POSTERS: Biological control
A Bacterial Isolate Shows Promise as a Biofungicide for Sclerotinia Stem Rot Disease on Canola
Abdulsalam Dakouri - Agriculture and Agri-Food Canada. Chris Kirby- Agriculture and Agri-Food Canada, Annika Briggs- Agriculture and Agri-Food Canada, Tim Dumonceaux- Agriculture and Agri-Food Canada, Jacob John- Agriculture and Agri-Food Canada, Chrystel Olivier- Agriculture and Agri-Food Canada, Jennifer Ad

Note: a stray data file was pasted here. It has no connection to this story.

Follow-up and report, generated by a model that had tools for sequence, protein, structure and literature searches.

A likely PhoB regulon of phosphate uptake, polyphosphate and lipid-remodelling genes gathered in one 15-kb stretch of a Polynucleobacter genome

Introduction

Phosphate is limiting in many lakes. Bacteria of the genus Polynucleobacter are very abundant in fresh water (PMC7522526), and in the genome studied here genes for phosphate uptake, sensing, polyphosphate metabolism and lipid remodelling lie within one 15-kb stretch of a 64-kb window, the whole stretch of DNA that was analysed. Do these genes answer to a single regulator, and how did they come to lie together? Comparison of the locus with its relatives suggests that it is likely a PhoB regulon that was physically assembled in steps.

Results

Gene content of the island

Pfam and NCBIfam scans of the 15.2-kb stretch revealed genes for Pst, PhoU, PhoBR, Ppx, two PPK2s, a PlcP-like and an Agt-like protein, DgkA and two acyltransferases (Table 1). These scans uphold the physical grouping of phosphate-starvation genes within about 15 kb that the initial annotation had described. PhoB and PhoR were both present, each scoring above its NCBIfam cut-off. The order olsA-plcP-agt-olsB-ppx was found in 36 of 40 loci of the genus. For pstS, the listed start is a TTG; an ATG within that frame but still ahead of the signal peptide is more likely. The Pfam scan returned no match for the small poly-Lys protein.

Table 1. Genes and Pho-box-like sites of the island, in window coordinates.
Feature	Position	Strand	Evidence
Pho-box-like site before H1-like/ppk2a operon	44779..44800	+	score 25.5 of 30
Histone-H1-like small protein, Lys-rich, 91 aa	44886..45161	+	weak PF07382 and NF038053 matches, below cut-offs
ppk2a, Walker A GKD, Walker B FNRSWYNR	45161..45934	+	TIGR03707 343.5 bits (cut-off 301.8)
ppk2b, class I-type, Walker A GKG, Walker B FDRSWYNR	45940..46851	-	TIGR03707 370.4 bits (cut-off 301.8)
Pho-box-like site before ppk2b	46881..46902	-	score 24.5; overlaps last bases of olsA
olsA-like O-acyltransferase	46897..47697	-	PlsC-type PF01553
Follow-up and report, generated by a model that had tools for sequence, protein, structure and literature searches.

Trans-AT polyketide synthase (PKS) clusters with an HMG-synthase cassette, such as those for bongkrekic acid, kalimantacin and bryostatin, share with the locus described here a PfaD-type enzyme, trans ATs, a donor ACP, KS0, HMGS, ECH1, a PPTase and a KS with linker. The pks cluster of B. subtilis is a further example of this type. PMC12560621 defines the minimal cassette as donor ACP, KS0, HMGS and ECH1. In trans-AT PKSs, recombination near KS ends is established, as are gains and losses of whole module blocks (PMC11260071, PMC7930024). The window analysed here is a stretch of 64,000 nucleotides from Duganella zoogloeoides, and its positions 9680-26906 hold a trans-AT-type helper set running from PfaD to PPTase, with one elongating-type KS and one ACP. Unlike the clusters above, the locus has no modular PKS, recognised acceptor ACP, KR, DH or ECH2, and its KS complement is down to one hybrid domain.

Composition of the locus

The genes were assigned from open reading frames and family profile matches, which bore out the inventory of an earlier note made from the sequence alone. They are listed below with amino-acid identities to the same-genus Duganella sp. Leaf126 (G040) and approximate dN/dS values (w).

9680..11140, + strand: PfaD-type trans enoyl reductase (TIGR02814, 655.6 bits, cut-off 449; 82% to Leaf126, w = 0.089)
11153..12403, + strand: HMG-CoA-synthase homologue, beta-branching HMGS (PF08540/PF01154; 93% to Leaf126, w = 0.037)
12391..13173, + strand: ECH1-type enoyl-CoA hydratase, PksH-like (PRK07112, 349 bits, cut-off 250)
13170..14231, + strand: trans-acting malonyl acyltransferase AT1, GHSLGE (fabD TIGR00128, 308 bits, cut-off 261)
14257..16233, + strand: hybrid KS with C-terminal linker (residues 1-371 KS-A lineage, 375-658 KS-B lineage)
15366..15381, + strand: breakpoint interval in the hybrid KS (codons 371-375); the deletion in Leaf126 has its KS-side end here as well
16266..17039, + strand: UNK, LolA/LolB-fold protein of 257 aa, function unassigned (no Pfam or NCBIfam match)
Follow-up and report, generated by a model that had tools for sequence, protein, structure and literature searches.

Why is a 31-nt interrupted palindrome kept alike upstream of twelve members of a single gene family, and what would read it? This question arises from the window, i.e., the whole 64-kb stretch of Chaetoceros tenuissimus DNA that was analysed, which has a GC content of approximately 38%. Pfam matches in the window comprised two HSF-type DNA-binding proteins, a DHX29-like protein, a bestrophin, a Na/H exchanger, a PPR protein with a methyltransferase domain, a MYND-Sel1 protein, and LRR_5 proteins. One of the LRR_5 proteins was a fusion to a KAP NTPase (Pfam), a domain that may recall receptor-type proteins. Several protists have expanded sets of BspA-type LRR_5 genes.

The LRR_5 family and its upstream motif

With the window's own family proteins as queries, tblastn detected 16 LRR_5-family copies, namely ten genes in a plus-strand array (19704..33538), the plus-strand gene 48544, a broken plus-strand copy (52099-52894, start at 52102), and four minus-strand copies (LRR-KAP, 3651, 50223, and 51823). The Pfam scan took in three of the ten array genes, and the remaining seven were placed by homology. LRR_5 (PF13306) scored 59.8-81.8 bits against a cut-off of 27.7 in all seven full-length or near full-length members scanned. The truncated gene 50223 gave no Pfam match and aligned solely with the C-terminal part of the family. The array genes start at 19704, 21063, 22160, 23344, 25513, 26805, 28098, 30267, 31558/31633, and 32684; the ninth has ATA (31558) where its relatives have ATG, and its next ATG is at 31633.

Sclerotinia stem rot, caused by the pathogen Sclerotinia sclerotiorum, poses a serious threat to canola production worldwide. Due to lack of strong genetic resistance to Sclerotinia, biocontrol is the best alternative and an environmentally friendly strategy to manage the disease. The aim of this research was to test the efficacy of a bacterial isolate (PENSV20) in inhibiting the germination of Sclerotinia ascospores and to understand the induced defence mechanisms involved. A highly susceptible canola cultivar ‘Westar’ was used for our experiments. Five treatments, (1)‘Westar’ × blank solution, (2)‘Westar’ × Sclerotinia alone, (3)‘Westar ‘× PENSV20 alone, (4)‘Westar’ × PENSV20 × Sclerotinia, and (5)‘Westar’ × Sclerotinia × PENSV20, with 3 biological replicates per treatment were performed. For treatments 4 and 5, PENSV20 was applied 24 hours, before and after sclerotinia spray, respectively. At 5 days post treatment, the phenotypic assessment showed severe infection on ‘Westar’ × Sclerotinia plants while no signs of infection were observed on ‘Westar’ × PENSV20× Sclerotinia and very limited stem infection on ‘Westar’ × Sclerotinia × PENSV20. RNA samples from leaf tissue are being sequenced to determine the group of genes and pathways involved in defence mechanisms in the plant globally. The level of expression of significantly differentially expressed genes over different time points will be quantified using qPCR. This work will greatly contribute toward the management of sclerotinia stem rot on canola and potentially on other crops infected by Sclerotinia sclerotiorum.